Some job seekers have a love/hate relationship with commission-only jobs. And rightly so, since these types of jobs definitely have their advantages and disadvantages. FlexJobs doesn’t post commission-only jobs, but for job seekers who are curious about the potential caveats they might face in looking for this line of work, here are the pros and cons of commission-only jobs.
The Pros of Commission-Only Jobs
Your schedule is your own.
For the most part, commission-only gigs are flexible ones. That means that you can set your schedule as you need to in order to facilitate both professional and personal demands on your time. For job seekers looking for work-life balance, a commission-only job can be a great fit.
You control your income.
Since you’re responsible for hitting your numbers monthly or quarterly, your success is literally in your own hands. So if you need to earn some extra income one month to pay for, say, your kid’s braces, you’ll know to work harder. And conversely, if you are an older worker looking for some supplementary income, you might not have to push yourself as much.
You might have unlimited earnings potential.
The cool thing about some commission-only jobs is that they might not have an earnings ceiling. This means that you can, theoretically, make as much as you want without a limit. And even if the company does have a commission earnings threshold of, say, $200,000, you might be able to exceed that amount in the form of other benefits, such as prizes, awards, bonuses, or the ability to pad next year’s earnings with the overage from what you’re earning this year.
You know exactly how well you’re doing.
When you have an office job and are having a bad day, week, or even month, you know that you’ll still see the same amount of money in your salaried paycheck. That’s not the case with a commission-only job, where your take-home amount might vary from month to month—and that can be a good thing. For workers who want to improve performance and have specific metrics to measure success, having a commission-only gig can show you how well you’re doing—and where you could show some improvement.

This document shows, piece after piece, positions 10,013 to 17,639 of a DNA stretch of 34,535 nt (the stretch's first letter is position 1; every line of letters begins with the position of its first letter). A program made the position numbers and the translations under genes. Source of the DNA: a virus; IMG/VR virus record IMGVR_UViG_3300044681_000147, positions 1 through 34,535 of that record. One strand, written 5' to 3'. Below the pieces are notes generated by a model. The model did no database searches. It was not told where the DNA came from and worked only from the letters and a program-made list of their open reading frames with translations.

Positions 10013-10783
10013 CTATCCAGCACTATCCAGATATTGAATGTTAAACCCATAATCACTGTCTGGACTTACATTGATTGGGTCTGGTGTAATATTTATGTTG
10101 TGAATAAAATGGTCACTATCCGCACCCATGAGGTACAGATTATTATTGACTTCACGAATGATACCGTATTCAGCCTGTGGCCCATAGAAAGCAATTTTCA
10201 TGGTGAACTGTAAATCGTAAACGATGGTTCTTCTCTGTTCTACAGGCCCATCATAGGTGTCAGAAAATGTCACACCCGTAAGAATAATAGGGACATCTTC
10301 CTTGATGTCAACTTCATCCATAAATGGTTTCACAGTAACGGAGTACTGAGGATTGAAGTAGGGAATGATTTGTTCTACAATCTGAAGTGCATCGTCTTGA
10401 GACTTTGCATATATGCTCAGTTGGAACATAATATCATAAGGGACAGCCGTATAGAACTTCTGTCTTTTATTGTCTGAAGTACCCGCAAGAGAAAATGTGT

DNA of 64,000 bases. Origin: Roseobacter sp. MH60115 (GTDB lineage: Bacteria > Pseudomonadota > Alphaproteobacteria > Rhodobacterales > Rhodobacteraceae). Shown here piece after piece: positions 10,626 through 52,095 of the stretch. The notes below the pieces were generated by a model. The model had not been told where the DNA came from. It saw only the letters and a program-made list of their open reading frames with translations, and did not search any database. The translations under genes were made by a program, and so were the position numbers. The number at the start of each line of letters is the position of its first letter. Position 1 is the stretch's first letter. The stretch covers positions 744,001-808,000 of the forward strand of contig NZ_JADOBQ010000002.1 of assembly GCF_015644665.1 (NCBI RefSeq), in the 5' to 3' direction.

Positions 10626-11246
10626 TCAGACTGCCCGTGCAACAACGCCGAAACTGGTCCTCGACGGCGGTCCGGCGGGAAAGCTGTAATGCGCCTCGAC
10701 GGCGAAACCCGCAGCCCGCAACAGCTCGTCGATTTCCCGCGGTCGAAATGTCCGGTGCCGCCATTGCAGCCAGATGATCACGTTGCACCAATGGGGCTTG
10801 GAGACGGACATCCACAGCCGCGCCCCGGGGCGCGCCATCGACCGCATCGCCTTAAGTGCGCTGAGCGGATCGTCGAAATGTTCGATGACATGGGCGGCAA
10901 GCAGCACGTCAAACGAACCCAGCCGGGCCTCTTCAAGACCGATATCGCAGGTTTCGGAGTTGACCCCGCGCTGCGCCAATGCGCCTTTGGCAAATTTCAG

You’ll probably work more independently.
Commission-only jobs are, for the most part, a numbers game. If you’re hitting (or exceeding) your monthly quotas, your boss probably won’t be probing to see exactly how you’re spending your time. This can be very desirable for someone who wants to work without much interference or monitoring from a boss or manager.
The Cons of Commission-Only Jobs
Your income can fluctuate greatly.
Ah, the sweet sound of a new sale. There’s nothing like it, especially when you have a commission-only job. The only problem is that if you’re not selling, you’re, um, not making any moola. For someone looking for a steady income week to week, month to month, year to year, a commission-only job might not be a good fit. Since your sales can soar (or sink) depending on your overall success and the state of the market, you might become stressed out over being able to consistently earn an income to live on.
You might be seen as high-risk.
Let’s say that you want to refinance your home, or co-sign on your kid’s college loans. By banking standards, you might be seen as a higher risk if you have a commission-only job compared to somebody who has a steady income. In turn, you might wind up paying higher premiums and interest rates. If this is a concern for you, you might want to consider having a part-time or full-time job, and then using a commission-only job for supplemental income instead.
The turnover rate for your work may be greater.
The world of commission-only jobs is pretty black and white. You’re either hitting your numbers—or you’re not. So if you are having problems closing sales or keeping up, it will be immediately evident to both you and your employer. This means that you could potentially lose your job faster than if you had a job that wasn’t commission-only.
You need to be self-disciplined.
Some commission-only jobs pay their employees after every few weeks—or months. If you don’t set up daily or weekly goals for yourself, you might find that you work harder when you know that deadline (and your potential paycheck) are impending. That’s why those who choose commission-only jobs have to think of the bigger picture and work diligently, even on days when they aren’t about to get paid.
You have to know how to work remotely.
The majority of commission-only jobs are done remotely. If you’re the kind of person who thrives on the camaraderie felt by working with colleagues every day, it might be hard to transition to working independently most (if not all) of the time. But between the benefits of working remotely, and the ability to earn what you want, a commissions-only job could work out to be a great job to consider!
Even though FlexJobs doesn’t post commission-only jobs, we have plenty of options to choose from. We partner with more than 5,000 companies to offer positions in 50-plus fields — all of which have flexibility ranging from remote to part-time, and more.
Photo Credit: bigstockphoto.com
Brie Weiler Reynolds contributed to this post. Originally published July 2, 2014 and previously updated November 16, 2016.
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